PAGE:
Know your priorities but still not sure what questions to ask? Here’s a framework — think of each of the following four layers in the new job:
It’s like an onion!
Think of the responsibilities, as well as the performance metrics and expectations. Say the position is a Content Marketer role. How is your performance measured? Is it by number of articles written every quarter? Is it by the increase in sign up rates? Then ask where the bar is. Two companies can work with the same performance metrics and still have different expectations. Is it to write 9 articles every quarter or 30 articles? Does the company expect 5% increase in sign up rate or 30%? You can also ask about how independently are you expected to work. Is it a blank canvas where you can be as creative as you’d like as long as you reach your goals, or is there an established playbook that you are expected to follow and improve on?
Having a great manager can make all the difference to your career. They are the one character in the entire company that you’ll probably interact the most with, and they’ll also know the most about your work (unless they’re terrible) out of all your colleagues. I would expect at least two things from a manager — feedback (telling me when I'm not doing well) and validation (telling me and everyone else when I’m doing well).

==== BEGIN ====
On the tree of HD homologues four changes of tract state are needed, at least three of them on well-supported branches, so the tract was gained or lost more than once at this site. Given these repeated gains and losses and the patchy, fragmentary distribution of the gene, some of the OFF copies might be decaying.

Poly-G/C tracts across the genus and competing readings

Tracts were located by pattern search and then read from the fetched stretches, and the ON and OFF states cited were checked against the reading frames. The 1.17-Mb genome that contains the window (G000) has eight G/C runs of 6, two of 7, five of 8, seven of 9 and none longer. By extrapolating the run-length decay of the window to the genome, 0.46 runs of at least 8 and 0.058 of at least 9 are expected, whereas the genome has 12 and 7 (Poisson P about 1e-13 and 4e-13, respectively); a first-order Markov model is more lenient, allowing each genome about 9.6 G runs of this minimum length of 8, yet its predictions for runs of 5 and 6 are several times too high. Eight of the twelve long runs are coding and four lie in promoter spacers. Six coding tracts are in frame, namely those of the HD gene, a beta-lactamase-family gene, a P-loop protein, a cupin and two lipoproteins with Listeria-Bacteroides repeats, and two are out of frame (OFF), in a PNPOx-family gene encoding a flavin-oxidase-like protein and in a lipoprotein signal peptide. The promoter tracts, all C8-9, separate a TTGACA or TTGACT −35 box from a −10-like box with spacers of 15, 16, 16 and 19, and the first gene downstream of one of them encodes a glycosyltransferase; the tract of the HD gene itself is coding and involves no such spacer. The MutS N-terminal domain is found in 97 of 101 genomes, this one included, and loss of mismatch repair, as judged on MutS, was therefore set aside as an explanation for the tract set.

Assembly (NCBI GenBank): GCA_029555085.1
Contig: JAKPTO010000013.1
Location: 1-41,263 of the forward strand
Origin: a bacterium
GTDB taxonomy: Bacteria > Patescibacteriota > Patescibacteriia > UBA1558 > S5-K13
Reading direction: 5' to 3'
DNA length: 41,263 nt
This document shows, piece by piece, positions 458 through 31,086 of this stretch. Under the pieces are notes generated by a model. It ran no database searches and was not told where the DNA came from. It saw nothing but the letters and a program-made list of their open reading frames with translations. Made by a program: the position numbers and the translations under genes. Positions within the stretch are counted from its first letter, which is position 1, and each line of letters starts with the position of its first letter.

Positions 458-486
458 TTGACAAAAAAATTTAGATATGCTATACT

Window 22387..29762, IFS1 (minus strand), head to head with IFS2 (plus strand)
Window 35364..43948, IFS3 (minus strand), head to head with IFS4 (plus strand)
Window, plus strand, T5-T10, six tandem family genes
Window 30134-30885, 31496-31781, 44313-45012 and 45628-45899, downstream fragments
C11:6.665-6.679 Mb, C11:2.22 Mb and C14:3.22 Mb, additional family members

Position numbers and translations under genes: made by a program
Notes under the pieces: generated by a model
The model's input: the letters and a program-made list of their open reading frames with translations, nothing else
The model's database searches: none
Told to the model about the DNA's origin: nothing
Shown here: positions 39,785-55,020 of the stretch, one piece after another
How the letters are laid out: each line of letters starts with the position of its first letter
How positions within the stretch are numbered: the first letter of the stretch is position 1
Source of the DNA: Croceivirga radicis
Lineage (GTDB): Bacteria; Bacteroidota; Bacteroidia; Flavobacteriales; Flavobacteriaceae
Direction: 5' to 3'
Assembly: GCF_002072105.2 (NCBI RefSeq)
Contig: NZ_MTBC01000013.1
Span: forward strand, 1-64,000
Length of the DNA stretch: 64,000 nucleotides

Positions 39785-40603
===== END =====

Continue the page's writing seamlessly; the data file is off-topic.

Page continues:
Being able to give good feedback not only shows that they have more knowledge than me in the field, but also that they care about my professional growth. Here, ask them about the feedback frequency, structure, and impact. Do they have weekly or biweekly 1-on-1 meetings with their direct reports? What’s the typical agenda of a 1-on-1 meeting? If 1-on-1s happen only once a month, and feedback is not a routine in these meetings, I would be wary.
Work with a manager who can encourage you and be your advocate in the company. When I think of the best managers in my life, they were people that would make sure my hard work and achievements are seen by leadership and other team members. My manager nominated me multiple times for our “Employee of the Month”.